TDF brigades and battalions will continue to be cadre units with a limited (but growing) number of full-time military personnel. As of November 2021, each brigade was manned by only 20–25 permanent service members (headquarters officers). Other personnel consist of reservists and commandeered persons, recruited solely for training and performance of tasks needed at a particular time. This quantity of service members was naturally not sufficient to organize the effective operation of TDF military units. As such, the Rada additionally increased the number of full-time TDF personnel from 580 to 10,000. Additionally, 1,000 service members were added to strengthen the SOF and the Resistance Movement within the National Resistance concept (Ukrmilitary.com, July 16).
A further important innovation of the legislation is the reform of the TD military-civilian component, which, besides the establishment of permanent TD zones/districts staffs, will also include the creation of so-called Voluntary Formations of Territorial Communities (VFTC). The latter will offer an easier method for every adult citizen of Ukraine to potentially join the TD and National Resistance (Armyinform.com.ua, November 2).
The Law “On the Fundamentals of National Resistance” is the first in the history of independent Ukraine to entirely regulate the country’s TD activities. However, immediately after its signing, it became clear that the text of the legislation was incomplete and needed to be amended. Indeed, President Zelenskyy soon emphasized, “Some provisions of the Law do not fully comply with the Constitution of Ukraine” (Interfax, July 30).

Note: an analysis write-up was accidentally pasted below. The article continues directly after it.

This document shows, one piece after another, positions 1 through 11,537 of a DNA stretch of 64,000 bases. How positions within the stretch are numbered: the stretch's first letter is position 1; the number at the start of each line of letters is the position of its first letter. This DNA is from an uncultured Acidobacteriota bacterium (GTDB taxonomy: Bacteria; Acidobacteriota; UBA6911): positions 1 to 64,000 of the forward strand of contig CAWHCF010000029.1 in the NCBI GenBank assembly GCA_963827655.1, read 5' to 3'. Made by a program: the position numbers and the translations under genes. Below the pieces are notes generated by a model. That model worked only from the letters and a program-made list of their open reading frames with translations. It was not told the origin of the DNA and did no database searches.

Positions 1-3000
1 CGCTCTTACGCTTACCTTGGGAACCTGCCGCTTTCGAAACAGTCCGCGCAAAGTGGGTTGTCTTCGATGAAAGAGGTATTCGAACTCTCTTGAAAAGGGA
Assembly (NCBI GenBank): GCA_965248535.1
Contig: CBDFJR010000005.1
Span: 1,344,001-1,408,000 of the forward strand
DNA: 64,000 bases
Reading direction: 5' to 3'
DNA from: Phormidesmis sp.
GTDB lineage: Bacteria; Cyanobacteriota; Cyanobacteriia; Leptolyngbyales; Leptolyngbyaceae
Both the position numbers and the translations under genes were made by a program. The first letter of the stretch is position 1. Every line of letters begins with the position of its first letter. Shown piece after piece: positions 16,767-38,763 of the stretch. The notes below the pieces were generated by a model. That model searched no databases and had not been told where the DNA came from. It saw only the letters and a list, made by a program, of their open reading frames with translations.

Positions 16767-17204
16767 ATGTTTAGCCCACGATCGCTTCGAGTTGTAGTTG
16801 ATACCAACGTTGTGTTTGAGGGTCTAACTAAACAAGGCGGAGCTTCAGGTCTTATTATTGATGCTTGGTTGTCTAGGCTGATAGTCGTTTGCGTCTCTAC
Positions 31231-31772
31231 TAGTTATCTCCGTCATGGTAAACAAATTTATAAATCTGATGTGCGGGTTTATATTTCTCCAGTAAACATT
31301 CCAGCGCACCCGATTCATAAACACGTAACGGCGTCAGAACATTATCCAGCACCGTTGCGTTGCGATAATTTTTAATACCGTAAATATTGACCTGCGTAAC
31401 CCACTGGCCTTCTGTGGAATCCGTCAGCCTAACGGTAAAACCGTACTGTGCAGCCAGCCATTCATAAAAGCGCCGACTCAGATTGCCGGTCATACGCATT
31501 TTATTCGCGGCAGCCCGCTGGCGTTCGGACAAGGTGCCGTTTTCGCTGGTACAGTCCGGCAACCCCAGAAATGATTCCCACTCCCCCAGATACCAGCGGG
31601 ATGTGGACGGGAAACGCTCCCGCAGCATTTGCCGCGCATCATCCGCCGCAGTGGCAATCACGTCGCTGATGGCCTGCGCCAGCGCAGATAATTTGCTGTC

The problems with the law occurred primarily because the Verkhovna Rada (Ukrainian parliament) had to pass the bill under a stringent timetable. This is due to the peculiarities of Ukraine’s budget cycle: the Rada had to vote on the proposed legislation by mid-July since, otherwise, the TD financing would have started only in 2023. Nonetheless, the Rada passed the Law on time, and so, in 2022, the state will allocate 2.5 billion hryvna (up to $95 million) to bolster and support the system of National Resistance (Lb.ua, November 3). Still, the lawmakers’ hasty work had consequences—namely, inaccuracies in the Law text, inconsistency with other legislation, and insufficient detail regarding some essential provisions. The main drawback of the adopted wording, however, is a lack of clear vision for the role and place that Territorial Defense should take within the wider National Security and Defense system. Amendments to the Law, which President Zelenskyy insisted on, had to be approved by the end of September, but this had not happened (Interfax, July 30, 2021). In addition, some of the presented amendments (from the SOF Command, the Ministry of Internal Affairs, etc.) have still not been approved and will not be considered this year. Moreover, the government requires that all bylaws related to the Law “On the Fundamentals of National Resistance” be prepared by the end of 2021. This means that bylaws are currently being developed based on an incomplete law.
For example, the legal status of VFTC members and their commanders remains unclear. Consequently, representatives of various UAF commands and General Staff departments lack a common vision of the VFTCs’ role within the TD system. It is impossible to draft high-quality bylaws in such conditions.
In the face of Russian aggression and saber rattling (see EDM, November 29), creating an effective TD system could provide Ukraine with a credible asymmetric response and a deterrent to further intervention. However, Ukraine’s military-political leaders will need to be more careful and active in both developing and implementing the necessary legislation first.